Parents/guardians of a Hope Scholarship student must agree to use the funds deposited in their student’s Hope Scholarship account only for the following qualifying expenses to educate their student:
- Private or parochial school tuition and fees at a participating school.
- Tuition and fees for programs of study, curriculum, or supplemental materials in reading, mathematics, science, social studies, or the arts.
- Tuition and fees for programs of study or the curriculum of courses that lead to an industry-recognized credential that satisfies a workforce need.
- Tuition and fees for ongoing services that a public school offers to Hope Scholarship students, pursuant to W. Va. Code §18-31-8(f)., including individual classes and extracurricular activities and programs: Provided that students participating in the Hope Scholarship Program are subject to all eligibility rules applicable to participation in extracurricular activities governed by the West Virginia Secondary School Activities Commission. Provided, however, that Hope Scholarship students attending a participating private school are eligible to receive free services that the public schools otherwise offer to private school students; Provided, further, that if a Hope Scholarship student has utilized their funds for other qualified expenses, the student shall be responsible to pay the tuition and fees to the public school from other sources in order to receive such services.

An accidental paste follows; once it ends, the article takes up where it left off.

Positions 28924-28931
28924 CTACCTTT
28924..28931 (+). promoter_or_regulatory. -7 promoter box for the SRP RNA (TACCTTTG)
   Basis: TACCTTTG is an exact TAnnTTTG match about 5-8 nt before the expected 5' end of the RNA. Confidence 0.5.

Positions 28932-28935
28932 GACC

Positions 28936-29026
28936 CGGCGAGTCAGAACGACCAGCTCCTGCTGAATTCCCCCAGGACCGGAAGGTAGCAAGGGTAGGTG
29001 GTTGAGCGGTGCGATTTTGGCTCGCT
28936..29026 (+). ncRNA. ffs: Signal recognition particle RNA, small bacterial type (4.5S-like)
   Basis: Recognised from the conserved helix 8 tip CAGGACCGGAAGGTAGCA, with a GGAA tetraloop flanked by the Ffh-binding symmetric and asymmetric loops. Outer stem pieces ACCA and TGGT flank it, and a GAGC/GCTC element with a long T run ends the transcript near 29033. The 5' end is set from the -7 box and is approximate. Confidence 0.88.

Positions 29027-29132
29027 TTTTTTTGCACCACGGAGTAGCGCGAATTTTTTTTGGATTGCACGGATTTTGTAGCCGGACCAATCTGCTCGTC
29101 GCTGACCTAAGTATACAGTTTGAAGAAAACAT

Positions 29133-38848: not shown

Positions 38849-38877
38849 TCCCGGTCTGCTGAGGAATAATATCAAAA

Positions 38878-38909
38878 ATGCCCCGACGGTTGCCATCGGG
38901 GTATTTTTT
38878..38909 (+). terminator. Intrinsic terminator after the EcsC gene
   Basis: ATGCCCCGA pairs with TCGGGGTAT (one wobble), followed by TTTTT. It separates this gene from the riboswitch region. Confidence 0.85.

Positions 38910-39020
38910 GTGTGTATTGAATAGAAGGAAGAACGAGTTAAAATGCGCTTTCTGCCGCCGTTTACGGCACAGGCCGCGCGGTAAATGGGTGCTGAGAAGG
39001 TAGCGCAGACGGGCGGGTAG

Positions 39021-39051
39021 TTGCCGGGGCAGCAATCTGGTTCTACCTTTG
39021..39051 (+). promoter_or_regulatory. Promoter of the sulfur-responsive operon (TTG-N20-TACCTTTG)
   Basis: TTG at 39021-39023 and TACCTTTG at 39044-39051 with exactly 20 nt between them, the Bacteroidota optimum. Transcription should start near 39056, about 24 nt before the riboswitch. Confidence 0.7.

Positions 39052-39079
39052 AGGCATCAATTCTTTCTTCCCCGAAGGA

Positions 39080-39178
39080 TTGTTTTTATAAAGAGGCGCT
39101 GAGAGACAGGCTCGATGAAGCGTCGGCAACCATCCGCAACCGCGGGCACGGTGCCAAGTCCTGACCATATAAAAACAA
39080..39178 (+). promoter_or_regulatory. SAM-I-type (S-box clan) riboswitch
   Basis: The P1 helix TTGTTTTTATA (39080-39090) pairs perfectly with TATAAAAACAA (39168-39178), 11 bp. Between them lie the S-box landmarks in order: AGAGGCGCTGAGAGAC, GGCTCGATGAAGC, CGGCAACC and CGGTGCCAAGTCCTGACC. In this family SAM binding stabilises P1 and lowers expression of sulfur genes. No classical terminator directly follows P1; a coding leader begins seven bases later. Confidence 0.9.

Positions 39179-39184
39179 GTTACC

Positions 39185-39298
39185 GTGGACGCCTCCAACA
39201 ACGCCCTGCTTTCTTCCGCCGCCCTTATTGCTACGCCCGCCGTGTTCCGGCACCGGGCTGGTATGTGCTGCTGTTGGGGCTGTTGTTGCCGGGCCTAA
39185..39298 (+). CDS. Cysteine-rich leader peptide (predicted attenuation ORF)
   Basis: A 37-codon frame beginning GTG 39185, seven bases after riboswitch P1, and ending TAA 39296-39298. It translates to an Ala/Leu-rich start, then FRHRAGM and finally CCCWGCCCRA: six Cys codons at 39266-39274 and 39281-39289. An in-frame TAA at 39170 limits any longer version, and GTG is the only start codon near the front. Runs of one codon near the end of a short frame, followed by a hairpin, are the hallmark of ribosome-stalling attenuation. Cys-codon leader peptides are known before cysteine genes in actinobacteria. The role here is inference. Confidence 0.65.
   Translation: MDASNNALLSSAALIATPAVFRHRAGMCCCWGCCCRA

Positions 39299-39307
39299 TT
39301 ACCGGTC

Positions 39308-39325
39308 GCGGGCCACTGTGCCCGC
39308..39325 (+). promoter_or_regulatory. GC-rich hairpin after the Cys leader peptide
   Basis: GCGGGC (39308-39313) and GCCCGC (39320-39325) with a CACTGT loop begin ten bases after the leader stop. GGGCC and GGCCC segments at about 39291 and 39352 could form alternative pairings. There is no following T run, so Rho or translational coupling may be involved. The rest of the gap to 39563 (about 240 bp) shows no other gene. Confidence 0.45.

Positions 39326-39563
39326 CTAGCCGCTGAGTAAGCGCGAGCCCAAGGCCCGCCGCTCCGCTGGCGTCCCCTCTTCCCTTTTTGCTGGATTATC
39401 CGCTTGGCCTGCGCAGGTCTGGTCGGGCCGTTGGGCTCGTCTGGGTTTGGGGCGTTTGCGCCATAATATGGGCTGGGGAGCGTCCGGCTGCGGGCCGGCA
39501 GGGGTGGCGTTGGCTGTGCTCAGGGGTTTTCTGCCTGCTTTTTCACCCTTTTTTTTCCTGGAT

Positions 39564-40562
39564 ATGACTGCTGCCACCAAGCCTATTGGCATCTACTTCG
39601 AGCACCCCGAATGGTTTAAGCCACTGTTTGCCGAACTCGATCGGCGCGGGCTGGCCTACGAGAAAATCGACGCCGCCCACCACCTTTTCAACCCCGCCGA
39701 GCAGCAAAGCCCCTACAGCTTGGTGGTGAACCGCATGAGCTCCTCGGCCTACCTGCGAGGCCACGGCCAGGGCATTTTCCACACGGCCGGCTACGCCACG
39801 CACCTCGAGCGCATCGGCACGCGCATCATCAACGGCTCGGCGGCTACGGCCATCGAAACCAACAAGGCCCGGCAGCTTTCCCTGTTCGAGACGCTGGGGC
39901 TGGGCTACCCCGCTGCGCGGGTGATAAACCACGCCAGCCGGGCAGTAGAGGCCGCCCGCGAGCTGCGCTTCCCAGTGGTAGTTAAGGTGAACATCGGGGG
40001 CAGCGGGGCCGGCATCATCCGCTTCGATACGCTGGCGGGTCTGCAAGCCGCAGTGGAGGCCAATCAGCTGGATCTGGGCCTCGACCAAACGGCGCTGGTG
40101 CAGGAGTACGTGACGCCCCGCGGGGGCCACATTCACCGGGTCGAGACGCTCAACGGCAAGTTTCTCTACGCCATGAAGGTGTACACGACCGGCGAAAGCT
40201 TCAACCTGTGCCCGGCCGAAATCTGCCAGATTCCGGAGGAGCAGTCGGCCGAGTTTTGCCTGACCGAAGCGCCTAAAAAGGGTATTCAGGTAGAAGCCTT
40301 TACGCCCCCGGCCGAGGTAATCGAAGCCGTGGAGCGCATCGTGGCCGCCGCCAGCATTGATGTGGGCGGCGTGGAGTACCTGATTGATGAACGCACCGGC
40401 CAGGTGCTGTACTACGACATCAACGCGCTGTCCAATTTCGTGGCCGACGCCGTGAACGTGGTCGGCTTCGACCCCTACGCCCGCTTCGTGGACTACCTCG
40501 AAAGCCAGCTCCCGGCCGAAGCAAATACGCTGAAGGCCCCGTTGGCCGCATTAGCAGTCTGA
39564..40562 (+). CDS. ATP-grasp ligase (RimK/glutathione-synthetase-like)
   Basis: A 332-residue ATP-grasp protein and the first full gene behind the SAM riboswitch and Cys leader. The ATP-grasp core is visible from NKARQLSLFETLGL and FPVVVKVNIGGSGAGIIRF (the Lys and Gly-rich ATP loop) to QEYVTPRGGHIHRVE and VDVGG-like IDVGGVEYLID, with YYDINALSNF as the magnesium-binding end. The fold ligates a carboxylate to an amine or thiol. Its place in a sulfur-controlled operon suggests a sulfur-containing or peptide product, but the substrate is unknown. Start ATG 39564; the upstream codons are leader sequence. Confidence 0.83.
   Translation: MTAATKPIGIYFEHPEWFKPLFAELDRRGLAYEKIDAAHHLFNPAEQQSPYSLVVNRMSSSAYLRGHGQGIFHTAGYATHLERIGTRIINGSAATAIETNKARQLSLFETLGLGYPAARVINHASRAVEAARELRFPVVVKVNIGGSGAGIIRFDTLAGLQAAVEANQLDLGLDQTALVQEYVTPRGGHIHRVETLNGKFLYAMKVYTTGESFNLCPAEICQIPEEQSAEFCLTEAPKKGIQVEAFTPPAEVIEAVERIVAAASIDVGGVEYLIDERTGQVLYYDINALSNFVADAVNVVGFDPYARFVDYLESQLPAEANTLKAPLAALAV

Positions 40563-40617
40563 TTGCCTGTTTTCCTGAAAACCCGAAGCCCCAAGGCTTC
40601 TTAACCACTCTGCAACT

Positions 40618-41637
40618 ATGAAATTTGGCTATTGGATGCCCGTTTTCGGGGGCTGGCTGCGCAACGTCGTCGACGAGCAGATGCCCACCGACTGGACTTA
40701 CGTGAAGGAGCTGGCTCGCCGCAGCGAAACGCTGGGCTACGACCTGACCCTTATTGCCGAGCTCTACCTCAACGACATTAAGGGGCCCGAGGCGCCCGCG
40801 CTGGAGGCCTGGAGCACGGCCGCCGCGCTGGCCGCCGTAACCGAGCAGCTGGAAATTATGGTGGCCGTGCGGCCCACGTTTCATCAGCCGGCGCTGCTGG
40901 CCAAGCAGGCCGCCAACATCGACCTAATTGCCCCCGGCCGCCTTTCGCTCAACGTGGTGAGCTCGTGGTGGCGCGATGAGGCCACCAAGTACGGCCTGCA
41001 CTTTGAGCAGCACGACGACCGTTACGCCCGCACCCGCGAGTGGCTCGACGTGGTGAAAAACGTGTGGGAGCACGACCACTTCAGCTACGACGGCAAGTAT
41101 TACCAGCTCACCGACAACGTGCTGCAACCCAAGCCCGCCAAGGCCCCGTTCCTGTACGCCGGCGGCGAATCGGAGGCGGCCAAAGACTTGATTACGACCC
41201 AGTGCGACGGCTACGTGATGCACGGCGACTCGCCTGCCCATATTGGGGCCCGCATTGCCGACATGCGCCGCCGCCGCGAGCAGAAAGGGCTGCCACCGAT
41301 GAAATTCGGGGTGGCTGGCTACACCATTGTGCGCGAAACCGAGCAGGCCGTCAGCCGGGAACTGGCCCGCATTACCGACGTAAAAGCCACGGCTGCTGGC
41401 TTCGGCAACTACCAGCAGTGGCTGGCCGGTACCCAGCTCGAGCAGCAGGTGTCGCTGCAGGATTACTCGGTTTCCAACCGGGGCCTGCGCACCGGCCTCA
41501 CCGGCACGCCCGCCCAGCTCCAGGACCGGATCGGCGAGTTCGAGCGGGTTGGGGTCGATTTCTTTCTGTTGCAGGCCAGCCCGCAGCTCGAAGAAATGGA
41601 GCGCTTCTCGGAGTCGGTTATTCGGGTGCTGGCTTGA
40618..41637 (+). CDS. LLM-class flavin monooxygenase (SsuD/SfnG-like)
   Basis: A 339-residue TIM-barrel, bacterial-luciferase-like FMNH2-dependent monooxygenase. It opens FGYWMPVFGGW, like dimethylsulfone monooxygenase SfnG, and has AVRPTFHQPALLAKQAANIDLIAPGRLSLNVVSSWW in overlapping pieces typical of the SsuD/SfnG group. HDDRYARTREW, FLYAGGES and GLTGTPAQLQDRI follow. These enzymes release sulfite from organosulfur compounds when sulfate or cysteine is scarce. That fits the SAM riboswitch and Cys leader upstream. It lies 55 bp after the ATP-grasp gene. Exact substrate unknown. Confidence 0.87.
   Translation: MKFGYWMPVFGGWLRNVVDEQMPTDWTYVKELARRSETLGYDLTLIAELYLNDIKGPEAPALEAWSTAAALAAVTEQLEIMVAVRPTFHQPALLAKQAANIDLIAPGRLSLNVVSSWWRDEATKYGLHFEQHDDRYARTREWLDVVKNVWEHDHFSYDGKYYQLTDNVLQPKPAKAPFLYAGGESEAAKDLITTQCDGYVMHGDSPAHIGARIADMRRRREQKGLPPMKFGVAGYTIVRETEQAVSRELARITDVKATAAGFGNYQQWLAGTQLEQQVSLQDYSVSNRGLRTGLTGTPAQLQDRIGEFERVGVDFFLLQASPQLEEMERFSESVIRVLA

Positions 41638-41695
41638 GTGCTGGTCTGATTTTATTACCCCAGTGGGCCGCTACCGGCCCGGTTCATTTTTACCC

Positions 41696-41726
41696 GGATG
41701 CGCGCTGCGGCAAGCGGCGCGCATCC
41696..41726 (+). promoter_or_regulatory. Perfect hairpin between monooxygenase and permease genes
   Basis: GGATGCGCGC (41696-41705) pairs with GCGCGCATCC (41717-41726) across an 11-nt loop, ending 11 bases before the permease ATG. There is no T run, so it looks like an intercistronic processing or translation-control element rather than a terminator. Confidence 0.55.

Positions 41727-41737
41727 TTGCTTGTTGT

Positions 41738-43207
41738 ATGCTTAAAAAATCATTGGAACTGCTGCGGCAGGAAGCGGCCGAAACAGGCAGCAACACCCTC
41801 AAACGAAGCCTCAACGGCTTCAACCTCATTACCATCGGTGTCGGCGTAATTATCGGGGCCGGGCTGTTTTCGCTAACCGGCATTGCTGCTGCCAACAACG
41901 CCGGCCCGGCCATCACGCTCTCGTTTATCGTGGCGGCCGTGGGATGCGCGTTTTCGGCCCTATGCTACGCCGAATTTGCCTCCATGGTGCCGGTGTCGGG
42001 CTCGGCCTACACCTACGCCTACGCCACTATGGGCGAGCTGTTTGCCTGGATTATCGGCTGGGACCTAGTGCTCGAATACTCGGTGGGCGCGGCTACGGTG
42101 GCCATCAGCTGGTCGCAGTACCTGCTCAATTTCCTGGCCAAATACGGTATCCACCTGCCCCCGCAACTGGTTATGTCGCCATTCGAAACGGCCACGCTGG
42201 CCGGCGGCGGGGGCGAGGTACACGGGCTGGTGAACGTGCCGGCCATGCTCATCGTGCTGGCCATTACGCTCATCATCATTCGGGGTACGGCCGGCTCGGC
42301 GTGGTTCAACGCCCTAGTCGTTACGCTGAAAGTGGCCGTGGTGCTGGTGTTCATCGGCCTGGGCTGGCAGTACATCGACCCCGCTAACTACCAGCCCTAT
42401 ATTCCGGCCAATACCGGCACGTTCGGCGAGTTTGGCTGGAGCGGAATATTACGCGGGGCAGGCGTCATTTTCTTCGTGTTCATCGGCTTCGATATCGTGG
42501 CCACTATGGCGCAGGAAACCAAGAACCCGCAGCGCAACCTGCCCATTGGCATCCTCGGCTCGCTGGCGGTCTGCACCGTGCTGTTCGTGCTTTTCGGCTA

- Tutoring services provided by an individual or a tutoring service: Provided, that tutoring services cannot be provided by a member of the Hope Scholarship student’s immediate family.
- Fees for nationally standardized assessments, advanced placement examinations, any examinations related to college or university admission, any examinations for industry certification exams, and tuition and fees for preparatory courses for the aforementioned exams.
- Tuition and fees for nonpublic online or virtual learning programs.
- Tuition and fees for alternative education programs.
- Fees for after-school or summer education programs.
- Fees and materials for enrollment in dual credit or college level courses.
- Educational services and therapies, including, but not limited to, occupational, behavioral, physical, speech-language, and audiology therapies.
- Fees for transportation paid to a fee-for-service transportation provider for the student to travel to and from an education service provider.
- Fees and materials for enrollment in dual credit or college level courses.
- The cost of school uniforms required by a participating school.
- Vocational supplies or equipment required for a K-12 course of study.
- Technology equipment needed for an educational program, including but not limited to computers, printer, and required software.
- Tuition and fees for programs of study, curriculum, or supplies needed for supplemental or elective educational courses.
- Basic educational supplies, including but not limited to, paper, writing utensils, scissors, etc.
- Any assistive technology or other equipment/supplies necessary to accommodate a student with a disability.
- Any other qualifying expenses as approved by the Board.